• DON’T fail to communicate with parents regularly. A personal call to parents with positive news about their child’s progress will go a long way in making the parents believe you are the best teacher ever! Failure to communicate with parents by phone periodically sends a message to some parents that you don’t care. If you truly do not have time to call, then email parents, and make sure they have your email address as well;
  • DON’T make excuses in a parent/teacher conference about why you have not communicated a child’s lack of progress or failing grades. NEVER tell parents how busy you are or that you teach too many kids to communicate with all parents regularly! First, parents resent such excuses as being unprofessional and disingenuous.  Second, they could care less about the teacher communicating with other parents; the only child of any importance to them is their child. Third, parents are busy too, and in their eyes if the teacher would do his/her job and communicate with them regularly, their child would not be failing, which would mean the parent/teacher conference that has taken them away from their job and cost them money would not be necessary. Although parents should be expected to stay on top of their child’s grades that does not always happen. Teachers on the other hand are professionals and staying on top of grades and communicating with parents is their professional responsibility. It is one of the things teachers get paid to do. Face it, if parents hear their child is failing for the first time in a parent/teacher conference, or they find out the last week or two of the grade term, the teacher screwed up! In such a situation, about the only thing the teacher and principal can do is acknowledge the mess up, apologize, and give assurances it will not happen again; and
  • DON’T go into a parent/teacher conference expecting the worse; you are liable to get it!       Most teachers do not enjoy parent/teacher conferences, but by approaching the meeting positively, keeping the focus of the meeting on the student and off the adults and having documentation to support the student’s progress or lack of progress, these conferences can be productive for students, parents, and teachers. If the teacher suspects the conference may get heated, the teacher should request the meeting be held in the presence of a school administrator. Teachers should never go into a conference expecting to have their say and then leave without giving the parent a chance to speak. Conferences should not be allowed to become a debate, but two-way communication is a must. In fact, if the parents requested the meeting, it is always best to let them open the conference with their concerns. By letting the parents vent (without interruption), the parents are able to blow off a lot of pent up frustration, which helps to defuse the situation. When the parents have had their say, the teacher should acknowledge their frustration, but refrain from arguing or becoming defensive. Being defensive and arguing with upset or angry parents will not resolve anything! The teacher should use the documentation brought to the meeting to make points while being careful not to give their opinion or make judgements – the teacher should stick to the facts. At all times, the teacher should remain calm, and if the meeting becomes heated, the meeting should be turned over to the school administrator to bring it to a close.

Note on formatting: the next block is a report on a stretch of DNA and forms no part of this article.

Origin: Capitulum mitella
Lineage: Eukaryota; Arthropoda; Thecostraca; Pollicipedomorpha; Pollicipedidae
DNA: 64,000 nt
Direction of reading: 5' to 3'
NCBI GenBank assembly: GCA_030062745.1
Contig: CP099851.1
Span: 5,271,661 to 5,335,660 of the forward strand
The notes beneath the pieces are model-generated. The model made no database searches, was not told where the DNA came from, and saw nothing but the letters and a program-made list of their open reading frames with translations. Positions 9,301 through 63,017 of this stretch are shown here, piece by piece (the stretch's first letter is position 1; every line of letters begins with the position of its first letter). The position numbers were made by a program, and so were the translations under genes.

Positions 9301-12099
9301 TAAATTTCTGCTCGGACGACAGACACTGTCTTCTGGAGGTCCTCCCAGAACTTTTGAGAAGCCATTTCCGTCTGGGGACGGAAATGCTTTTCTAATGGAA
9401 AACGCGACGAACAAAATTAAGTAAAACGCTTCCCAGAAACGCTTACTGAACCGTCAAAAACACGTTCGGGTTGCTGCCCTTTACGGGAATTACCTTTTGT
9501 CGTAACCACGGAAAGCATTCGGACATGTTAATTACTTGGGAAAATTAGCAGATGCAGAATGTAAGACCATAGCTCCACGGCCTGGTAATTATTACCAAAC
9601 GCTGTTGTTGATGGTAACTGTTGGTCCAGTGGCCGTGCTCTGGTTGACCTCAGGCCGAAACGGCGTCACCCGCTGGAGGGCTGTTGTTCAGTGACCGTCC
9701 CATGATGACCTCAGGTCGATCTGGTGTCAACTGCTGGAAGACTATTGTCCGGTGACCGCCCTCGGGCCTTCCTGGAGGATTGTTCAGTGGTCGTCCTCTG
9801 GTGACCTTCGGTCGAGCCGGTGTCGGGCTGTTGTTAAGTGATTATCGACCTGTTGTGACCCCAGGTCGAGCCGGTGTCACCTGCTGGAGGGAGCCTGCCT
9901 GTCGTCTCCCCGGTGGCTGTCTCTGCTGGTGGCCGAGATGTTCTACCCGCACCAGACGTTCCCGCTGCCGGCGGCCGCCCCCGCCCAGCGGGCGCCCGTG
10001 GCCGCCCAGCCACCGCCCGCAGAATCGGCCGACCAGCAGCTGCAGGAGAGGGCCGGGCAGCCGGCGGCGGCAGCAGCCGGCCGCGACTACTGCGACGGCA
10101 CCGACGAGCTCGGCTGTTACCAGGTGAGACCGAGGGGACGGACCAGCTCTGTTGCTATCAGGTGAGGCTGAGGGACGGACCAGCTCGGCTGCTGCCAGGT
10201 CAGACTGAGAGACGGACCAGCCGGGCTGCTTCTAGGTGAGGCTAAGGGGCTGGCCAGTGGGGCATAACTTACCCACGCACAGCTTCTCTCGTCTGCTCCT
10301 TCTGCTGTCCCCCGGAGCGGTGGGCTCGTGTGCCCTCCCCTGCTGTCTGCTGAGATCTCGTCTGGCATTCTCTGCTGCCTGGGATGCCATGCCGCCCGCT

Using these suggestions or strategies should increase any teacher’s chances for a successful school year, but unfortunately, there are no guarantees. However, over the years, this advice has proven time and time again to be effective in laying a strong foundation for a successful school year. I sincerely hope this advice proves useful to teachers once again this school year.

Have a great school year!


©Jack Linton, July 27, 2015

Educating Mississippi’s Children: Can We Really do it on Our Own?